PHILLIPS, Wis. (AP) -- A small airplane that went down in northern Wisconsin fell apart in the air, killing the six people on board, a spokesman for the National Transportation Safety Board said Monday.
The Cessna 421 that crashed at 3:21 a.m. Saturday left from Waukegan, Illinois, and was flying to Winnipeg in the Canadian province of Manitoba, NTSB spokesman Eric Weiss said.
The debris field from the crash stretched about a quarter of a mile from a heavily wooded area onto a state highway, Lt. Gabe Lind at the Price County Sheriff's Office said.
The six people killed were identified Monday as 70-year-old Kevin James King, 56-year-old Thomas DeMauro, 21-year-old Kyle DeMauro, 63-year-old James Francis, 69-year-old Charles Tomlitz, and 45-year-old George Tomlitz. The sheriff's office has said they were headed to Canada for a fishing trip.
The DeMauros and King were from Bensenville, Illinois, and Francis from Norco, California. Charles Tomlitz was from Addison, Illinois, and George Tomlitz from Brookfield, Illinois. Authorities did not say how they knew each other or how the DeMauros were related to each other.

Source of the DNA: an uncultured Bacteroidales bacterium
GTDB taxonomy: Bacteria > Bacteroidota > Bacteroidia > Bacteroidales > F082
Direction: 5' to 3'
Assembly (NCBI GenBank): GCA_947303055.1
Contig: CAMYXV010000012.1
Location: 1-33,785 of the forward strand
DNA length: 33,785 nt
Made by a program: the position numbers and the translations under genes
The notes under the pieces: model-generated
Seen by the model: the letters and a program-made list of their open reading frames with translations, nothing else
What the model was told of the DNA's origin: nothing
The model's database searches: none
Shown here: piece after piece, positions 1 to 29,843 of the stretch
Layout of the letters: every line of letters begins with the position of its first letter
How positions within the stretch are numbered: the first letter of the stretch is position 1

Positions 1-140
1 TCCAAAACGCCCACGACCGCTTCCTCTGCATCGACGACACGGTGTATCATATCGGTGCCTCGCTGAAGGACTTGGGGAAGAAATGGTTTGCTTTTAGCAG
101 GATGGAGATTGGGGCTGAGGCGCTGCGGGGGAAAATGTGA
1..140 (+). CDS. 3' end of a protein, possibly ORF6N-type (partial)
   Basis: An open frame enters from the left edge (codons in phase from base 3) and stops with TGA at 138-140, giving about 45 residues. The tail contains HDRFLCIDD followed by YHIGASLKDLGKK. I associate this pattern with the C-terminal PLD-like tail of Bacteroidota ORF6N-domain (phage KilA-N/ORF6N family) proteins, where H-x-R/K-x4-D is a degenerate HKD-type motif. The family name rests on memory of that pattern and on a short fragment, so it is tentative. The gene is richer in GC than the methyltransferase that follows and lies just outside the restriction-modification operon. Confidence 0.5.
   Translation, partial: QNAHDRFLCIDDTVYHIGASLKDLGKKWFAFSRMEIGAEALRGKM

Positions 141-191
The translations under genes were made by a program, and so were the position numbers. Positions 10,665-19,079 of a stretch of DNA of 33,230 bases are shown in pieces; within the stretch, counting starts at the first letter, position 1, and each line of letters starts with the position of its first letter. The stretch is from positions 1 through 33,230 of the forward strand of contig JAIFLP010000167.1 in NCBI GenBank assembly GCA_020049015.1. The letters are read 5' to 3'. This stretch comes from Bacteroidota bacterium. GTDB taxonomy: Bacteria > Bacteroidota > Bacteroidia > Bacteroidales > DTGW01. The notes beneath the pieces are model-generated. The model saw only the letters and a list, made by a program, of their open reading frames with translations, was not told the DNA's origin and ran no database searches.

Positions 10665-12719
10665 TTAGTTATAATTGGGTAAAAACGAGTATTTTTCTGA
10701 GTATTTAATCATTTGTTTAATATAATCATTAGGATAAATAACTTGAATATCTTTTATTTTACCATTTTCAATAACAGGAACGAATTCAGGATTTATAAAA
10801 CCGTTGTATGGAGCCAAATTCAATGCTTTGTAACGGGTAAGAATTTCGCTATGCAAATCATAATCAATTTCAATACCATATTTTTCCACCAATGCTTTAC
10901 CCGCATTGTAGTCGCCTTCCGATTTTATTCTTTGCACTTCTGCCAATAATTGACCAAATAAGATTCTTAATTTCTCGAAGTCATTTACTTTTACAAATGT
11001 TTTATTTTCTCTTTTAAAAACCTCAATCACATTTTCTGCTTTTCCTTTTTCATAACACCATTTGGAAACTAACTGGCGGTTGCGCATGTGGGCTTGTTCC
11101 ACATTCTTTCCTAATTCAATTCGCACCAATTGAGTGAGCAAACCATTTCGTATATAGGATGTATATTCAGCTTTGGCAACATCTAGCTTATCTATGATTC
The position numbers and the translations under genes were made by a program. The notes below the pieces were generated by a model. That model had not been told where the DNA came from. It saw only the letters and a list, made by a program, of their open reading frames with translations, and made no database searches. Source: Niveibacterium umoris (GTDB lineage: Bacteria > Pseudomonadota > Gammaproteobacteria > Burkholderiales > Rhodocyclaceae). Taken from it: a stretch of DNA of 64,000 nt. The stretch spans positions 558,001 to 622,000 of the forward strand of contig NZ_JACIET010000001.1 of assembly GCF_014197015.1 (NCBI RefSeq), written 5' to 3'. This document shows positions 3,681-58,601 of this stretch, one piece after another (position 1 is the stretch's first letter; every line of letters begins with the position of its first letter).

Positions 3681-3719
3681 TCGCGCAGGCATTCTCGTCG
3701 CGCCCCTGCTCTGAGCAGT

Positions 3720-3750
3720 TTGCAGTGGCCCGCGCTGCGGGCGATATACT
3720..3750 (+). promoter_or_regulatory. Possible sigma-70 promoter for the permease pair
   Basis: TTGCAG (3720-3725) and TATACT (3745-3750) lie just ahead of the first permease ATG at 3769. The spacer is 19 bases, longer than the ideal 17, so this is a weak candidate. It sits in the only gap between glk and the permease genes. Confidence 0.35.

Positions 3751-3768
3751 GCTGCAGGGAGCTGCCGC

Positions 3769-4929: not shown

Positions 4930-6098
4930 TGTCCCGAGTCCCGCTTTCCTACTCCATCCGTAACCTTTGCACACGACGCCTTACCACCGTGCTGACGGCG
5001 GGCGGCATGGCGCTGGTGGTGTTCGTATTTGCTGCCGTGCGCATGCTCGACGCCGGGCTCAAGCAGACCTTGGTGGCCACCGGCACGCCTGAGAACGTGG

NTSB investigators say the pilot of the plane and air traffic controllers had a discussion about "local weather phenomenon" in Catawba, Wisconsin, shortly before the crash. Soon after, the aircraft dropped off radar. Catawba is near the crash site just southwest of Phillips.
Several things can contribute to planes falling apart in the air, including flying into extremely cold air or a cabin fire, said Don Knutson, who runs an aircraft accident investigation business. He said severe weather that causes "spatial disorientation" of the pilot also could be a factor in such incidents. This is when the pilot overstresses the aircraft with aggressive maneuvers in an attempt to right the plane, Knutson said.
Weiss said investigators are still trying to determine what type of weather the plane encountered and whether it caused the crash.
Thomas DeMauro was a physical education teacher at Tioga Elementary School in Bensenville, Illinois, and Charles Tomlitz was a maintenance director for the district, according to a Facebook post from the school.
"Mr. DeMauro and Mr. Tomlitz will be missed by all the Tioga Community," the school's co-principals wrote in the post on the Tioga Elementary School Facebook page.
In a statement to WSAW-TV, the DeMauro family expressed gratitude for the outpouring of support.
We would also like to express our heartfelt condolences to the other families affected by this tragedy. Tom was our beloved son, husband, father, brother, uncle, friend, teacher and coach," the statement said. "Kyle was our dear son, brother, grandson, nephew and friend; a compassionate young man who had a promising future."